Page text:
Jacques Audiard's Dheepan finally comes out tomorrow


Deephan finally hits theaters this Friday. A film definitely worth your time, that maybe shouldn't have won the Palme D'or, but that doesn't diminish the fact that it's an extremely watchable immigrant story that takes place in modern day, racially divided France.
My Review from last September at TIFF:
"Jacques Audiard’s Dheepan won the Palme D’Or this year at Cannes and caused a slight backlash because of it. Don’t listen to the critics; this French film is top notch. It features a great performance from lead Jesuthasan Antonythasan, who plays a former Sri Lankan Tamil warrior fleeing his native country along with two Sri Lankan women, seeking refuge in what they think is a peaceful neighborhood in France. Many refugees in the film have lied to get away from the civil war in Sri Lanka. Dheepan and his companions pretend they are a family of three, but in reality they are not father, mother and daughter. Understandably, there’s ample reason for tension between the three of them, which is clearly felt in every scene.
The film tells what transpires when title character, a former Tamil Tiger, takes a job as a caretaker in a crime- and drugs-ridden apartment block in the Paris suburbs. Many immigrants have fled the strife of their own country, only to find themselves embroiled in deadly struggles of a different kind. As a caretaker of a rundown building, Deephan is faced with problems he clearly doesn’t see coming, since the place has been overrun by gangsters who conduct their business with brutality on a nightly basis. This doesn’t sit well with the main character, who’s clearly dealing with a case of PTSD, so he decides to take matters into his own hands. In the end, the peaceful caretaker Dheepan is forced to become a fierce fighter once again.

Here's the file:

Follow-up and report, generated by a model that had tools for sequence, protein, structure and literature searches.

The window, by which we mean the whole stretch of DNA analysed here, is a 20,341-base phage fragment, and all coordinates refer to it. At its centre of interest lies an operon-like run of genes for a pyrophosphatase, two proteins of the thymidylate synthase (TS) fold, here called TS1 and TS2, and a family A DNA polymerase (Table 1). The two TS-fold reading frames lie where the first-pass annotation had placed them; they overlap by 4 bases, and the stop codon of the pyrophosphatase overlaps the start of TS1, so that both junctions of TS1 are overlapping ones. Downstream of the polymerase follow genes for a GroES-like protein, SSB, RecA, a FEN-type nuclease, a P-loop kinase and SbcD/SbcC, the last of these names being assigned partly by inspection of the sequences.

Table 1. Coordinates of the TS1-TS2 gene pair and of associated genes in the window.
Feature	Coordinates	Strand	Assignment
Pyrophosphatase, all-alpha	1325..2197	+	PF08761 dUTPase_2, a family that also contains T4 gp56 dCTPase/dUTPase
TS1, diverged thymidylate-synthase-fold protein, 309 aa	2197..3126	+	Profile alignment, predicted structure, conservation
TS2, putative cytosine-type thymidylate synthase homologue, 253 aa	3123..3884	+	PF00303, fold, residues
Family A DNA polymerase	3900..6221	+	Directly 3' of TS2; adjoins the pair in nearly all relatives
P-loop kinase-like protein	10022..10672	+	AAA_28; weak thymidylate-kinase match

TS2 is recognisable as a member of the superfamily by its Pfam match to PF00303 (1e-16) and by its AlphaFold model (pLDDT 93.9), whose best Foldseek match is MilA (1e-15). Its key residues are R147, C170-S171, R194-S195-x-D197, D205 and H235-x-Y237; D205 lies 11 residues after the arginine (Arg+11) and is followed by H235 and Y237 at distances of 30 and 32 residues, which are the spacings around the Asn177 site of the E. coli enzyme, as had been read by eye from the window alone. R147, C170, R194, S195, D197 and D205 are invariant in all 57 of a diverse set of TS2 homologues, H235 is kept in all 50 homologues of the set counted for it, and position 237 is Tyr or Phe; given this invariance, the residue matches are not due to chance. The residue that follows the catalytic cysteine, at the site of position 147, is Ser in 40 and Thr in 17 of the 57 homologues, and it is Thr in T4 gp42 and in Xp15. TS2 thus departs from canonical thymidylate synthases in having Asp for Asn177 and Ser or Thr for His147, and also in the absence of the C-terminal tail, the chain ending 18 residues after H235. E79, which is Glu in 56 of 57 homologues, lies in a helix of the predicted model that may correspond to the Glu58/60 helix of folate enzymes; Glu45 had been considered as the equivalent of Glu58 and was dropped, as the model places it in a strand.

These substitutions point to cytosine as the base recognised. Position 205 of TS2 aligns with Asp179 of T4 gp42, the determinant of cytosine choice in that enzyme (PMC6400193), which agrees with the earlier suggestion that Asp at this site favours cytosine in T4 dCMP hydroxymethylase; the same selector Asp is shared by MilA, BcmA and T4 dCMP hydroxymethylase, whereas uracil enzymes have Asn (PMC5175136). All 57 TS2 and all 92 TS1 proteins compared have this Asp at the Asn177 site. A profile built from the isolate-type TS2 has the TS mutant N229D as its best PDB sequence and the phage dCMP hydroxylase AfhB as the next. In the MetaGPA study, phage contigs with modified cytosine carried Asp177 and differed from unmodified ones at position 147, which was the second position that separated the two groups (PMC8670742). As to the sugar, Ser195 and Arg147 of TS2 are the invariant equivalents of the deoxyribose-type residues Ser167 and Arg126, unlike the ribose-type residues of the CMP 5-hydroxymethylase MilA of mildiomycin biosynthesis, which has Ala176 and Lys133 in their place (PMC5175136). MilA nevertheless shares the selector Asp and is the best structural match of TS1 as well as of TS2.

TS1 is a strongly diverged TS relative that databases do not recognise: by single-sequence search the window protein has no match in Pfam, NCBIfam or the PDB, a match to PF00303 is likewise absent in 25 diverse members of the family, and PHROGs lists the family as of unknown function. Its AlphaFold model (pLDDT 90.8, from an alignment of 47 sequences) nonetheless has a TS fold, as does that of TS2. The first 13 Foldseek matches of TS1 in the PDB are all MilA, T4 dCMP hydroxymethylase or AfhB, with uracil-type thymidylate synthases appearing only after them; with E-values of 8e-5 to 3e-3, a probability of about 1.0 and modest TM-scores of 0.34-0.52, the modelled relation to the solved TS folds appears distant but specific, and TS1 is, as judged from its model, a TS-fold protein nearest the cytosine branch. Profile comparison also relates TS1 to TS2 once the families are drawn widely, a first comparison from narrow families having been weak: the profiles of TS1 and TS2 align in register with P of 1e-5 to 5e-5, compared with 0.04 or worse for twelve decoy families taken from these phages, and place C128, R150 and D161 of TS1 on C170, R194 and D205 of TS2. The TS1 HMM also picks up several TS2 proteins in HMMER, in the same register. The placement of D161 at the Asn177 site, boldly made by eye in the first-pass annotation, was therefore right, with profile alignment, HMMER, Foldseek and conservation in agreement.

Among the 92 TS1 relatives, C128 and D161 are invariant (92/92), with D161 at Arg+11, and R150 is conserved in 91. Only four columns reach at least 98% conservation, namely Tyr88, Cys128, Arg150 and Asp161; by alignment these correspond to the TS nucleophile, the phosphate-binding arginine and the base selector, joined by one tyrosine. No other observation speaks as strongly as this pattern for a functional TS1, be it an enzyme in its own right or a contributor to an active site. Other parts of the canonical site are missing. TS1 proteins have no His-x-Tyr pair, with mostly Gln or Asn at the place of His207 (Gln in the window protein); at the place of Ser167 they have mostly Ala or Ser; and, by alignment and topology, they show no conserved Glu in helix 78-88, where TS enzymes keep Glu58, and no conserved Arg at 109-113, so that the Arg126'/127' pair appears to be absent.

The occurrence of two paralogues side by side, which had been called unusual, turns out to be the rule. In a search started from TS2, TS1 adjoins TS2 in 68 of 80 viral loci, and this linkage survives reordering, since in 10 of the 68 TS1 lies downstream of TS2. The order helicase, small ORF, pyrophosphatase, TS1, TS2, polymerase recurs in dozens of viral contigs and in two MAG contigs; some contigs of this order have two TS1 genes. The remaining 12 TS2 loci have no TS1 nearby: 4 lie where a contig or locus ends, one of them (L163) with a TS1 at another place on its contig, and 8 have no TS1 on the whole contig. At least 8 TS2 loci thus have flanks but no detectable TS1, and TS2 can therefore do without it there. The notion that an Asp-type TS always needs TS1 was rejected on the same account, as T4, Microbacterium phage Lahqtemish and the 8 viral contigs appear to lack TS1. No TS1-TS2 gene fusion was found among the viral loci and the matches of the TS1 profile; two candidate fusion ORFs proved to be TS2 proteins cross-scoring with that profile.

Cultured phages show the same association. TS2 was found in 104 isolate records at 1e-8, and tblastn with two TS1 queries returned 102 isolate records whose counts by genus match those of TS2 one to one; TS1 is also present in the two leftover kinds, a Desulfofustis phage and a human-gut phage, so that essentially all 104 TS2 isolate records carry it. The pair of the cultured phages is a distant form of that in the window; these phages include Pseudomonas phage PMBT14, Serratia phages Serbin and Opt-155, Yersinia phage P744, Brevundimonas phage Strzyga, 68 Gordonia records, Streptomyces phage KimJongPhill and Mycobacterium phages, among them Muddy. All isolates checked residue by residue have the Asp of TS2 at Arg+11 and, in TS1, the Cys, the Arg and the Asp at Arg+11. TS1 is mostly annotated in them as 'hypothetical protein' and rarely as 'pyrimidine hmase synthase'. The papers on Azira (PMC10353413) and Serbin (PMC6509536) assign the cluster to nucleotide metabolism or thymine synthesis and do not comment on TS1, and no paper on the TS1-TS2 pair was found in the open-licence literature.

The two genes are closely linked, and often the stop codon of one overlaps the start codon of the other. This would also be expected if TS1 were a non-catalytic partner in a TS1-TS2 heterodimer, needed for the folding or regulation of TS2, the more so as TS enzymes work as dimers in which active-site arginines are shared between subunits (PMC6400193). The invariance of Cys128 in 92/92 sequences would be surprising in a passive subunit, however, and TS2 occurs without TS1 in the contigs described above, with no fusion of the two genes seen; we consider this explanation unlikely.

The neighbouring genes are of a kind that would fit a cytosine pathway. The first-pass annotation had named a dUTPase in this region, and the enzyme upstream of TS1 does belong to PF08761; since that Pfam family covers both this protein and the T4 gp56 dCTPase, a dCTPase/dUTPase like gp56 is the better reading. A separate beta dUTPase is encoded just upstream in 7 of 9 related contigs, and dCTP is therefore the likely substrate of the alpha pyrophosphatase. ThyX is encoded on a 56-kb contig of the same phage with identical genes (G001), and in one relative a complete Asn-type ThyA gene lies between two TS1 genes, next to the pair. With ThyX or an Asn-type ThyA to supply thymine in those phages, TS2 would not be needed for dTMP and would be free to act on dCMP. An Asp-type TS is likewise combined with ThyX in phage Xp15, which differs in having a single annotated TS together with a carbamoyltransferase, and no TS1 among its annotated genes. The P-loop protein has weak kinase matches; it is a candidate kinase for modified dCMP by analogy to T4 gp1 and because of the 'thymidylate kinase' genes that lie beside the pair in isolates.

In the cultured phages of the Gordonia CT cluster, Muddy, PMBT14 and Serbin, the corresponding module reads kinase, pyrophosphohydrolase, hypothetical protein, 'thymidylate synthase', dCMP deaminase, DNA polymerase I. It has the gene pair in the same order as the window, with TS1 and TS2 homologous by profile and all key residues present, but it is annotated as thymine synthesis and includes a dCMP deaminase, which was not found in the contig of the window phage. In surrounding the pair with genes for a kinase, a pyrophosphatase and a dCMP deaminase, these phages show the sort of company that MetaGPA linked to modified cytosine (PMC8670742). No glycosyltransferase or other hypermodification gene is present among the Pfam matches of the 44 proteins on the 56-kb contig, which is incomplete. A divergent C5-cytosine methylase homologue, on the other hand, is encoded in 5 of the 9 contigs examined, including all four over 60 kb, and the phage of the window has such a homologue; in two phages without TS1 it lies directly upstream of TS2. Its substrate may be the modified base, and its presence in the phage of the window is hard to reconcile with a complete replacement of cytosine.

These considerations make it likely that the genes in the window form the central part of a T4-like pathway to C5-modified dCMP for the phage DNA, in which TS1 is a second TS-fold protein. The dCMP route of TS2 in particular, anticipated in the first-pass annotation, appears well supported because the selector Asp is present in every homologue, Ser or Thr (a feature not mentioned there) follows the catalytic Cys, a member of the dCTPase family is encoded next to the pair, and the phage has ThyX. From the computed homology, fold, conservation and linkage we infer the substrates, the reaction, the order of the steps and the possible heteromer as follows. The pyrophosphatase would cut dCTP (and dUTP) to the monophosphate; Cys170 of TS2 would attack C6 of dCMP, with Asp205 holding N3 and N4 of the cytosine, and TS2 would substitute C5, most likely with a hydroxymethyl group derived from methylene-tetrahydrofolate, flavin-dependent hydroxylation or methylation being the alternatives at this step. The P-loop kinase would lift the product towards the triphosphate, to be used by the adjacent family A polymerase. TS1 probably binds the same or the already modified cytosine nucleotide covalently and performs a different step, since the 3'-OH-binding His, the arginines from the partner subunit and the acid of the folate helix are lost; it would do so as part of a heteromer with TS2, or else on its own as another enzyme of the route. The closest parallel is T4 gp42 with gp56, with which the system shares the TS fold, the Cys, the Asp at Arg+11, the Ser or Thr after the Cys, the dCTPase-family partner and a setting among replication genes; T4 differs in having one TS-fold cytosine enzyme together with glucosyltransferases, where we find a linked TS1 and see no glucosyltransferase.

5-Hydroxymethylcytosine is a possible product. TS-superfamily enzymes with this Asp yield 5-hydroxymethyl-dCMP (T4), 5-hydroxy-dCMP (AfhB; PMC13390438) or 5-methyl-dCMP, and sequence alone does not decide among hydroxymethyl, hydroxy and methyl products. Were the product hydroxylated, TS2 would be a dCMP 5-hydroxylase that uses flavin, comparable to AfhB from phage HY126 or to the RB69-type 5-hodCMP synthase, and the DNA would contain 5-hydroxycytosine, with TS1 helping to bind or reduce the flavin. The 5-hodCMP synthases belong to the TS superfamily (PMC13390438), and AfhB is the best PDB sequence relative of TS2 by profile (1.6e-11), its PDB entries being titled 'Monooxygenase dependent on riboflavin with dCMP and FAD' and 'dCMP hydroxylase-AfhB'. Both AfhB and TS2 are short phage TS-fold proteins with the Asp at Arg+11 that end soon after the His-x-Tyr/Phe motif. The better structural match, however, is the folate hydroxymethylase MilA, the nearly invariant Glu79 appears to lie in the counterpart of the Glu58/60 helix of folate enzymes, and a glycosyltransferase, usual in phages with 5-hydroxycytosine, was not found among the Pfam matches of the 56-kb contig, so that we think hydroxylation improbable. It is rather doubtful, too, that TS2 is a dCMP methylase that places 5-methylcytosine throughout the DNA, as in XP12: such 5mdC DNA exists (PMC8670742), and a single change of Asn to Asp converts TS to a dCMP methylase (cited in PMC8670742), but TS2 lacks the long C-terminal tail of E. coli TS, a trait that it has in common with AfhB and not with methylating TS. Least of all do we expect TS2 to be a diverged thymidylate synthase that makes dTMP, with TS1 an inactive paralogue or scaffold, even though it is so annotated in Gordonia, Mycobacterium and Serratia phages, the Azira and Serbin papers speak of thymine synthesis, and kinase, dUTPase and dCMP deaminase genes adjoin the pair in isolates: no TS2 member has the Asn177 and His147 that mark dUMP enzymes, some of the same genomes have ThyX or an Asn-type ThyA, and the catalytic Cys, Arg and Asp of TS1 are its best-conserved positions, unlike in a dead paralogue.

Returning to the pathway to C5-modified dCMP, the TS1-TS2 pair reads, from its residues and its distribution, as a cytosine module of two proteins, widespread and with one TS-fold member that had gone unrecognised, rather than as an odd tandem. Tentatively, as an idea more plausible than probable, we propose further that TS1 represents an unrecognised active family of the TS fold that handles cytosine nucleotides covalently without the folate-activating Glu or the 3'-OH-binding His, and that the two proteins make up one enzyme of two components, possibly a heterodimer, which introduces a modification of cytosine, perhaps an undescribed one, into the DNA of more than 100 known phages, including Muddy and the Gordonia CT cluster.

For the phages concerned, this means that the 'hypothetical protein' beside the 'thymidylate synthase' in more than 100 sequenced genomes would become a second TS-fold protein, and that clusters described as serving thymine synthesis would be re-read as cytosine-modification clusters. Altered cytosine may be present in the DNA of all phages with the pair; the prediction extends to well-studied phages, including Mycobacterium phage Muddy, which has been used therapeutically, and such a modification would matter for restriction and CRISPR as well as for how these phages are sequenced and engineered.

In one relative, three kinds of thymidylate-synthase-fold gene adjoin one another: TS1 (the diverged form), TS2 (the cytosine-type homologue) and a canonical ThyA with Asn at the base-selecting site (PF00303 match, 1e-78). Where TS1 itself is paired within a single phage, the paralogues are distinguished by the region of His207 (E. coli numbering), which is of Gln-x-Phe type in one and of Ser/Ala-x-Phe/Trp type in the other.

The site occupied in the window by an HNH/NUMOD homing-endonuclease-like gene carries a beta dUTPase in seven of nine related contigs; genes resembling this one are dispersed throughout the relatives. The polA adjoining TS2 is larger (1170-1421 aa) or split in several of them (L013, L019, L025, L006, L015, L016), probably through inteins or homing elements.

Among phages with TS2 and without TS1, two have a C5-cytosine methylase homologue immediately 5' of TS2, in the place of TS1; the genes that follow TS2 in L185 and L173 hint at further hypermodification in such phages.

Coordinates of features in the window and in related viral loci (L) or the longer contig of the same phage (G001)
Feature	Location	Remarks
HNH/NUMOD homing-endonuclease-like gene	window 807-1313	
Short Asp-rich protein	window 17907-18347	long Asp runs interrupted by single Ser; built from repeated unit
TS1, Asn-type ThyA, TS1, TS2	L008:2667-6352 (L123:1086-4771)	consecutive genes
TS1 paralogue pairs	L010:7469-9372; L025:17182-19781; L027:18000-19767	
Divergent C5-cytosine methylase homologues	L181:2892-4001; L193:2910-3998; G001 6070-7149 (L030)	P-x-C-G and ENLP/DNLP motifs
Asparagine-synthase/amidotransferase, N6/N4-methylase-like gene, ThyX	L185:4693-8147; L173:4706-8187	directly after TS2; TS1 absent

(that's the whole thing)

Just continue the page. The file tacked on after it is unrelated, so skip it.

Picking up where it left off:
The film is raw and one of the very best to address the Sri Lankan Tamil conflict. Audiard has sometimes struggled to give his great films a proper climax (A Prophert, Rust and Bone) and Deephan is perhaps another example of that. The last several minutes may be divisive, but the resonance the film leaves for the viewer is rare in cinema these days. It provokes, asks questions, and provides an emotional experience that is hard to shake."

Archive